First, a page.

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It’s London 1962, and the world is feeling the effects of fear surrounding the Cold War. The most significant worry is that nuclear weapons will bring about the end of humanity. Feeling these fears is Ginger, a 17-year-old girl who is just beginning to figure out who she is and doesn’t want the world to end. She sits between her mother, Nat, who wants her daughter to become more responsible and live conventionally and her father, Roland, a free-spirited intellectual who encourages Ginger to rebel and skip school. In addition to these two influences, Ginger has her lifelong best friend, Rosa. While Ginger has succeeded in academics, Rosa has fallen behind and is making drastically different choices in life. Ginger feels pulled to that side of life but is also caught up in the movement to ban the bomb. Eventually Ginger will discover a dark secret about Rosa that threatens to upend the young woman’s life.

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Movie Review – The Big Sick

The Big Sick (2017)
Written by Emily V. Gordon & Kumail Nanjiani
Directed by Michael Showalter

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Kumail is an aspiring stand up comedian in Chicago who is under the constant shadow of his mother’s search for a wife. While he manages to avoid the expectations of his Pakistani heritage while keeping his family happy, Kumail chances to meet Emily. She’s just a woman at a set he’s doing, but the two click and immediately rush into a relationship. Things go wrong when Emily finds out he’s never mentioned her to his family and the reality of their situation sets in. However, the relationship takes an unexpected turn when Emily suddenly contracts an unknown disease, forced to go into a medically induced coma. Kumail is left to get to know her parents while coming to terms with his own parents in regards to Emily.

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Book Review – The Shadow Year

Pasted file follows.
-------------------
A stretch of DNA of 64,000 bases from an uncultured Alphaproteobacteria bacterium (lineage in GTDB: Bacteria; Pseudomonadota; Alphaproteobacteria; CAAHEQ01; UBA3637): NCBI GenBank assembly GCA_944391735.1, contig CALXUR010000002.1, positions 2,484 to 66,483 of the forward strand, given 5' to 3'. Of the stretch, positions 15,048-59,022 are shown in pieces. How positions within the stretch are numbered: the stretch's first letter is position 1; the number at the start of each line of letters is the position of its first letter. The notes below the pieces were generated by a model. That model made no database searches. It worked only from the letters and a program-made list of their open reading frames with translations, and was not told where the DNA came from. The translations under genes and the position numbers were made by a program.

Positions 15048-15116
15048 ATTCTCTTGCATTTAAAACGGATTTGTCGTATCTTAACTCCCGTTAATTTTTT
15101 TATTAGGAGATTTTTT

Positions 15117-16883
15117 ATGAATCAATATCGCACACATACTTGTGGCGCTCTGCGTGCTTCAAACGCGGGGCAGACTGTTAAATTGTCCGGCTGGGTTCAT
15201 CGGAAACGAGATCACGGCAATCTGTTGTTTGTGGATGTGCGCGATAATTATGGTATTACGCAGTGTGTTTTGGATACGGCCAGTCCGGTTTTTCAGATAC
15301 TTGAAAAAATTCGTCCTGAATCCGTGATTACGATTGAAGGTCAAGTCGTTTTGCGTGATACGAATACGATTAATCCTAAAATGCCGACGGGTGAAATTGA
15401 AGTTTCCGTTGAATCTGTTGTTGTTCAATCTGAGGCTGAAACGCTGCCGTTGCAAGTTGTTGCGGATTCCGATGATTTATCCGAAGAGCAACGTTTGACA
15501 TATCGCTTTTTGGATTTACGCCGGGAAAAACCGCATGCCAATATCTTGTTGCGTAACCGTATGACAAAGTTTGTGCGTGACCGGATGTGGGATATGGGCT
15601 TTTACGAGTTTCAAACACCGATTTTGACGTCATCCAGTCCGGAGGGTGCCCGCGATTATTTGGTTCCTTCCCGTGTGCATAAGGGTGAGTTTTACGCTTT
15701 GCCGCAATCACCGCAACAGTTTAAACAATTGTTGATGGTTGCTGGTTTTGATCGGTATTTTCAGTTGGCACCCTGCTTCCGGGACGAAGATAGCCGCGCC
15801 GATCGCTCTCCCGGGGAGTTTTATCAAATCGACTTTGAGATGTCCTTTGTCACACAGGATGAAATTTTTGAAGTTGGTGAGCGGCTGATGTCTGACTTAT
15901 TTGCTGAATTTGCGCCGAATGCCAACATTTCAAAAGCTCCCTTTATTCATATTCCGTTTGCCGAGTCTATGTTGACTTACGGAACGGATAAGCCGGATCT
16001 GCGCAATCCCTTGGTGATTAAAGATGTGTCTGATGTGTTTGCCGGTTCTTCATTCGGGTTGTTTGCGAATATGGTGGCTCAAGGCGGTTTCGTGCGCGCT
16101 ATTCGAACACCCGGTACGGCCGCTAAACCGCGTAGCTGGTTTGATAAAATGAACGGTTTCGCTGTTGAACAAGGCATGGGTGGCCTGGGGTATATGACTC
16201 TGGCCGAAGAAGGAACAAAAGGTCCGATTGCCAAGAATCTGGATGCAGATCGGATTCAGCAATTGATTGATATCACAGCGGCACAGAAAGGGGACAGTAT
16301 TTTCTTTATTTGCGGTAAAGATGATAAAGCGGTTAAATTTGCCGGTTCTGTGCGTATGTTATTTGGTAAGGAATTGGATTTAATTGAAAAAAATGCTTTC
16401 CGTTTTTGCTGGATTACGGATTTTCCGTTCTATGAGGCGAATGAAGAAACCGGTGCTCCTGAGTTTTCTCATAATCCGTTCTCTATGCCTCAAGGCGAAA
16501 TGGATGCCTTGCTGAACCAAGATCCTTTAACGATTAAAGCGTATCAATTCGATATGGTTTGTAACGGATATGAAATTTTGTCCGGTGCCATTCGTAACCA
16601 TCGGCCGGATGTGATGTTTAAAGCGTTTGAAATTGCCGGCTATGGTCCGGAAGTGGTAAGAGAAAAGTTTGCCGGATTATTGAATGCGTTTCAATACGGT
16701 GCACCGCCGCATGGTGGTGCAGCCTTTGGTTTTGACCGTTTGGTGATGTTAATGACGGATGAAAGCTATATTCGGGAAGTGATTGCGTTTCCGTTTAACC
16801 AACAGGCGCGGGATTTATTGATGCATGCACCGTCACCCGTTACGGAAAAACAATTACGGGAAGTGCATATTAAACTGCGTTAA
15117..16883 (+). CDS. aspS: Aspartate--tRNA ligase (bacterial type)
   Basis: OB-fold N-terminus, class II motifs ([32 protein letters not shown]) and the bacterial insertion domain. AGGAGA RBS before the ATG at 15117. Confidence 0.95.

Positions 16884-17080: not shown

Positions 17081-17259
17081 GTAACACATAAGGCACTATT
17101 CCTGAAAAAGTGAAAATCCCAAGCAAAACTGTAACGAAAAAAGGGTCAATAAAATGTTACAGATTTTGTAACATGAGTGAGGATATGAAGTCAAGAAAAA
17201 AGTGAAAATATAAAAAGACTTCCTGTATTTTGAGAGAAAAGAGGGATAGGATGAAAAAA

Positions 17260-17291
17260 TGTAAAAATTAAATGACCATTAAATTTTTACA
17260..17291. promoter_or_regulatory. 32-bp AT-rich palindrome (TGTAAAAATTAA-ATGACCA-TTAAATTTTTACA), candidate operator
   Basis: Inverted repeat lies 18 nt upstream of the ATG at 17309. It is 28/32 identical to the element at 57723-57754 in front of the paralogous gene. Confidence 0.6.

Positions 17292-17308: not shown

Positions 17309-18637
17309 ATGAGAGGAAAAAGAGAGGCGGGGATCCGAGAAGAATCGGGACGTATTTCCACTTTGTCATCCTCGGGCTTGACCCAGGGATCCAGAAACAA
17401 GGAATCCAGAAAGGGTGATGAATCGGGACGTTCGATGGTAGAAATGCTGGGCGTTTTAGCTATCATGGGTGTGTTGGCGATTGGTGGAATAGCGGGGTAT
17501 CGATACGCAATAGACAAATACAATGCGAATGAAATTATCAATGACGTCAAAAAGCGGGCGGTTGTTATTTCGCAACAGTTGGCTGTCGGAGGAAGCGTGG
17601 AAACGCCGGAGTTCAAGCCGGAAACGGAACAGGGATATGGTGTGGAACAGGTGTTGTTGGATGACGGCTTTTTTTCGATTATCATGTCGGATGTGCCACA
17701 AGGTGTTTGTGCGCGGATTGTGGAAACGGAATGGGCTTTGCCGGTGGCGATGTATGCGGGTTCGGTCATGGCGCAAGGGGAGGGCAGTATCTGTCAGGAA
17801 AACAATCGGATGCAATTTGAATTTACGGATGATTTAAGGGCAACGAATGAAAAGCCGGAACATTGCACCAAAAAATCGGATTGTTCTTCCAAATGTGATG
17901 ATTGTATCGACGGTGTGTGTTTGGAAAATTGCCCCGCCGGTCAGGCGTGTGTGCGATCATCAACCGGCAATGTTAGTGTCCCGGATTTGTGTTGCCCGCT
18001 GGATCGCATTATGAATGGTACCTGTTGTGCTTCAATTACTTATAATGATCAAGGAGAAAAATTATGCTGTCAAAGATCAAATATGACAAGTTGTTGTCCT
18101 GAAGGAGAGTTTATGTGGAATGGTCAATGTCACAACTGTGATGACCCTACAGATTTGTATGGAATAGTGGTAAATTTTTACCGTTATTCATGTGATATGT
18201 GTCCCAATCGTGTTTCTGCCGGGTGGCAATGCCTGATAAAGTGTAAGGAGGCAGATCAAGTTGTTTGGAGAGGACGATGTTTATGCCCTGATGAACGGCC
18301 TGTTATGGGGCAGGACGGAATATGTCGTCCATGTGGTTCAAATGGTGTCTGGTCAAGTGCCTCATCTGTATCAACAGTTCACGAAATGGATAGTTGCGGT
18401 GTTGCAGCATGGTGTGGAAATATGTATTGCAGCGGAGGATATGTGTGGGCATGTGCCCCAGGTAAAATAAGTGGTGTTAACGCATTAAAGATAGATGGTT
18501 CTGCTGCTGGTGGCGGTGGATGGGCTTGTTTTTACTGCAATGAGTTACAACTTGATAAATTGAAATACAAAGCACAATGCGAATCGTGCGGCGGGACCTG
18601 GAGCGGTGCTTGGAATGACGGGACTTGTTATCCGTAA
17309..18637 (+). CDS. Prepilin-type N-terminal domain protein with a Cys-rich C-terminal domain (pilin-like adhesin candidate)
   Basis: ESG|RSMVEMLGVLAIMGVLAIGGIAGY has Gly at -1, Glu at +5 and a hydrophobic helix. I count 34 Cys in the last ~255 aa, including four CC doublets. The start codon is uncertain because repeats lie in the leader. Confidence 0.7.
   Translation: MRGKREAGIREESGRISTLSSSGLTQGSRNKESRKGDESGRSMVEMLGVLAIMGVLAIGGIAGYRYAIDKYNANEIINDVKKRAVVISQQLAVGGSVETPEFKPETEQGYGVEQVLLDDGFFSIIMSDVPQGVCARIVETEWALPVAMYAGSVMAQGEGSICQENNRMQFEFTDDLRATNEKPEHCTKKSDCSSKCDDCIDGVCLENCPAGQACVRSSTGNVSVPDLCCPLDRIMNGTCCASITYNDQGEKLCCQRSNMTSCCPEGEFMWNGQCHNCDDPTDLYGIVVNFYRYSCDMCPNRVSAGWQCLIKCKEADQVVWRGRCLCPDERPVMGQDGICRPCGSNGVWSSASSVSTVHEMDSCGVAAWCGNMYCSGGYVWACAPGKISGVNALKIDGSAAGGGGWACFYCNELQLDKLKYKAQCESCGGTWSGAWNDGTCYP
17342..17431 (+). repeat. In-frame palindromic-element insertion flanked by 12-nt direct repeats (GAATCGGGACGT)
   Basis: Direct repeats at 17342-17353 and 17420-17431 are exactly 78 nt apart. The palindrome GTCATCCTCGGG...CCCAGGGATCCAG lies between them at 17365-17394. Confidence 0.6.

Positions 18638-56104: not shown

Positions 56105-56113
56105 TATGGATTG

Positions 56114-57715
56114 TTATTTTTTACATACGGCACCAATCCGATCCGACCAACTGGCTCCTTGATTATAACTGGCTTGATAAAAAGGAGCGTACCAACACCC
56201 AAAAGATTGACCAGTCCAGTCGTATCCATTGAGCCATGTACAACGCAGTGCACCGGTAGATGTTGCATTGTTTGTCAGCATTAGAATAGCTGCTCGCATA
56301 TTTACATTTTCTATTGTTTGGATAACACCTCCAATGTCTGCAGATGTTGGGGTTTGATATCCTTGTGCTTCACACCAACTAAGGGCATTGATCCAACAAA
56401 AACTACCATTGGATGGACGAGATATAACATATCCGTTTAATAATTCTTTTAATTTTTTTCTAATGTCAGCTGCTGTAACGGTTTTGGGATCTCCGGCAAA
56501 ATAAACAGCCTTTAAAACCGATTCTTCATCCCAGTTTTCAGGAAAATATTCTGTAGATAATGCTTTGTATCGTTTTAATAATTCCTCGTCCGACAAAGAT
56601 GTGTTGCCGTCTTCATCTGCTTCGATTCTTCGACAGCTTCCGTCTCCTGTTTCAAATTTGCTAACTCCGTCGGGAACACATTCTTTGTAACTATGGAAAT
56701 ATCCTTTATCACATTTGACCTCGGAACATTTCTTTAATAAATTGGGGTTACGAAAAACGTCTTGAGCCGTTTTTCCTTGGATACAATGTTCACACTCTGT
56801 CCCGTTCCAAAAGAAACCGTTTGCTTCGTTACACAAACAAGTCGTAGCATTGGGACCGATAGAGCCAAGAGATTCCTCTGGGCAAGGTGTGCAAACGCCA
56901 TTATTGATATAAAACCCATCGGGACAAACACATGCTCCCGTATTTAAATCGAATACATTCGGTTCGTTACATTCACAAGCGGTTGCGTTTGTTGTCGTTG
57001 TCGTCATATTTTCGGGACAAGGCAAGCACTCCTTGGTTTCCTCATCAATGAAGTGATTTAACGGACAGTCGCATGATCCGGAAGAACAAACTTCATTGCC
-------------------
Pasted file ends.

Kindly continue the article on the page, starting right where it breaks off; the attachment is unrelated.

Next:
The Shadow Year (2008)
By Jeffrey Ford

shadow yearIt’s the mid-1960s on Long Island, New York, and an unnamed preteen narrator is beginning a year of his life he will never forget. This is his last year in elementary school and he, his brother Jim, and little sister Mary become embroiled in a mystery that no one else in their neighborhood seems to take note of it. It starts with the disappearance of a local boy and then rumors of a peeping tom carousing the backyards at night. The narrator spies a strange white car driven by a man dressed all in white whose presence seems to correlate with the prowler. Then his sister Mary, an odd one who allows her imaginary friends to speak through her, begins to show the possibility of clairvoyance, knowing where neighbors are at precise moments when she should not be able to. This shadow year will linger for our protagonist and what he learns will haunt him decades later.

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TV Review – Black Mirror: Arkangel

Black Mirror: Arkangel (2017)
Written by Charlie Brooker
Directed by Jodie Foster

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Marie is a very protective mother, having almost lost her daughter Sara at birth. Years later, Sara wanders off at a park sparking these feelings of terror again. An experimental new service, Arkangel appears to provide the answer. Arkangel involves injecting a small neural implant into three-year-old Sara and outfits Marie with a tablet computer that allows her to monitor her child 24 hours a day. Sara is also instructed that she can turn on a filter that will pixelate anything Sara sees that sets off her biological stress responses. This block remains as Sara gets into upper elementary and begins to cause problems. It’s also revealed the Arkangel service was banned by the U.S. government and Marie has let her tablet gather dust in the attic. That is until Sara begins to break the rules in adolescence.